“The current situation is timely, as since 2005 the property market has been climbing relentlessly for eight straight quarters according to URA (Urban Redevelopment Authority) figures. So, it’s time it took a breather.

 

“We developers were getting concerned that it was climbing so fast. So the sub-prime crisis, in a way hit at the right time and took some of the steam off the market. In a way it came as a relief to developers who were afraid that the steep climb in prices could tempt the authorities to take measures to curb speculation,” Mr Cheong told Today.

 

He also pointed out that it was not in the interest of developers to see prices going up too fast: “There is no reason why developers would like to see an exuberant market and see the bubble burst.”

 

But he claims that his positive outlook for the property market is also driven by fundamentals as interest rates are at present so low and the inflation rate so high it does not make sense to keep your money in the bank.

 

“What do I do if I have a lot of money in my bank account earning 0.6-per-cent interest while inflation is 6 per cent or more, and my money gets smaller and smaller by the day?” he asked.

 

One answer is to put your money in property as in the long run it is a better hedge against inflation than equities.

 

Furthermore, property rentals currently provide yields of 2 to 4 per cent, again better than putting your money in the bank.

 

And there is plenty of money around for when Standard Chartered Bank, earlier this month offered a promotional deposit rate of 2.28 per cent, it was so swamped that it had to withdraw the offer in just two days.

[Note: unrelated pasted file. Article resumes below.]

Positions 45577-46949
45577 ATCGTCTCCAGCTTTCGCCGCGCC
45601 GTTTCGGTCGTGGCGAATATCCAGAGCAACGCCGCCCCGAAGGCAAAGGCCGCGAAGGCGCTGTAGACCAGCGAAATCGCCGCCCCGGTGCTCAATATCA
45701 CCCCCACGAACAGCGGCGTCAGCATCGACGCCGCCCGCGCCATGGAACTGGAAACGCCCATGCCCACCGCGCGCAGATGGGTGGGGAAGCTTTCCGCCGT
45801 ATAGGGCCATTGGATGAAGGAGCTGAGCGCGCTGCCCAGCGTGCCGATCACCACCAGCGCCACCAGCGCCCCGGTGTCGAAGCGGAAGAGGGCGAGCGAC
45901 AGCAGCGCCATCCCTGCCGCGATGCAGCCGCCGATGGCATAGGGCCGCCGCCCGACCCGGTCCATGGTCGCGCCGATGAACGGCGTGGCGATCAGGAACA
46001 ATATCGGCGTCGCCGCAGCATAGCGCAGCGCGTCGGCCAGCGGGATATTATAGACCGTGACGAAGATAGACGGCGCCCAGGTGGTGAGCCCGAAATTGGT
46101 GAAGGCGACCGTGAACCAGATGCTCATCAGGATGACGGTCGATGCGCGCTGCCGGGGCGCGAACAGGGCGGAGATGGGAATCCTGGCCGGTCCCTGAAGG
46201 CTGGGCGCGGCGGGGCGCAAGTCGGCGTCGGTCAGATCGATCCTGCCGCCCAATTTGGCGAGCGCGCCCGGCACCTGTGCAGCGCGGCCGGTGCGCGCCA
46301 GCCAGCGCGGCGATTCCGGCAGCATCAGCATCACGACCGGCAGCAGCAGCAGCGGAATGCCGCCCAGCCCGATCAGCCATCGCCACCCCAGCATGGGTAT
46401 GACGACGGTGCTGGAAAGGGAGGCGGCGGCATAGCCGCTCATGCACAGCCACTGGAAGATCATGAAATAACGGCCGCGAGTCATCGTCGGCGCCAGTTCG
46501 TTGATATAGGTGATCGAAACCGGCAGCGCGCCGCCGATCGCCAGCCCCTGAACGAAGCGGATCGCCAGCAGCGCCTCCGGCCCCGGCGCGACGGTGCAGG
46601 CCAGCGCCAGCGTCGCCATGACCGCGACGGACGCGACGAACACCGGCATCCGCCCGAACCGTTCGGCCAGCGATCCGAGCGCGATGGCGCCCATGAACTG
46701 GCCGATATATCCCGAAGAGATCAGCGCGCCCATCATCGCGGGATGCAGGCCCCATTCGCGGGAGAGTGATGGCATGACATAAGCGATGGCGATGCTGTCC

Mr Cheong expects interest rates to remain low over the next two years or so.

 

The supply of properties is also not as high as many people think. He pointed to a recent Citibank report which said that the bank sees no oversupply of homes over the next two years.

 

The report estimated that only 60 per cent of the 30,000 units forecast by the URA, will be completed during this period as by end March there were 6,000 en bloc flats that had yet to be demolished.

 

For en blocs to return, prices will have to be double what they are now, especially with no plot ratio increase in the recent announcement of the Singapore Master Plan by URA, Mr Cheong said.

 

High construction costs have also resulted in many projects being delayed. With the many building projects going on — both by the private (including the integrated resort projects) and public sectors — and high material costs caused by worldwide demand, constructions costs will remain for some years, Mr Cheong said.

 

He pointed out at the same time that construction costs here are currently higher than those of Dubai or Hong Kong.

 

“It takes three months to tear a building down but three years to put them up. Once you have taken it down, supply is taken off immediately but to put that supply back it will take three years,” he said.

 

Construction costs are now double what they were a year ago, with high end building costs between $600 and 800 psf and at the low end from $300 to $350 psf.

 

Sometimes Singaporeans also do not realise that market here being relatively small, it would take less than 1 per cent of the available global funds to see the market run up. So, it is not unreasonable to expect a strong turnaround when the sentiment improves, Mr Cheong said.:

 

He added that Singapore has also become a global city and price comparisons of property were now benchmarked against cities like London, Hong Kong, Shanghai and New York rather than against historical prices here.

 

“And contrary to market perception, funding is not an issue, There is no shortage of funding for end purchasers as evidenced by various bank packages (for mortgage loans),” he noted.

 

“My advice to potential buyers is that if you do not have high exposure to the property market, it is an opportune time to consider property”, he said.

 

Source: Today Newspaper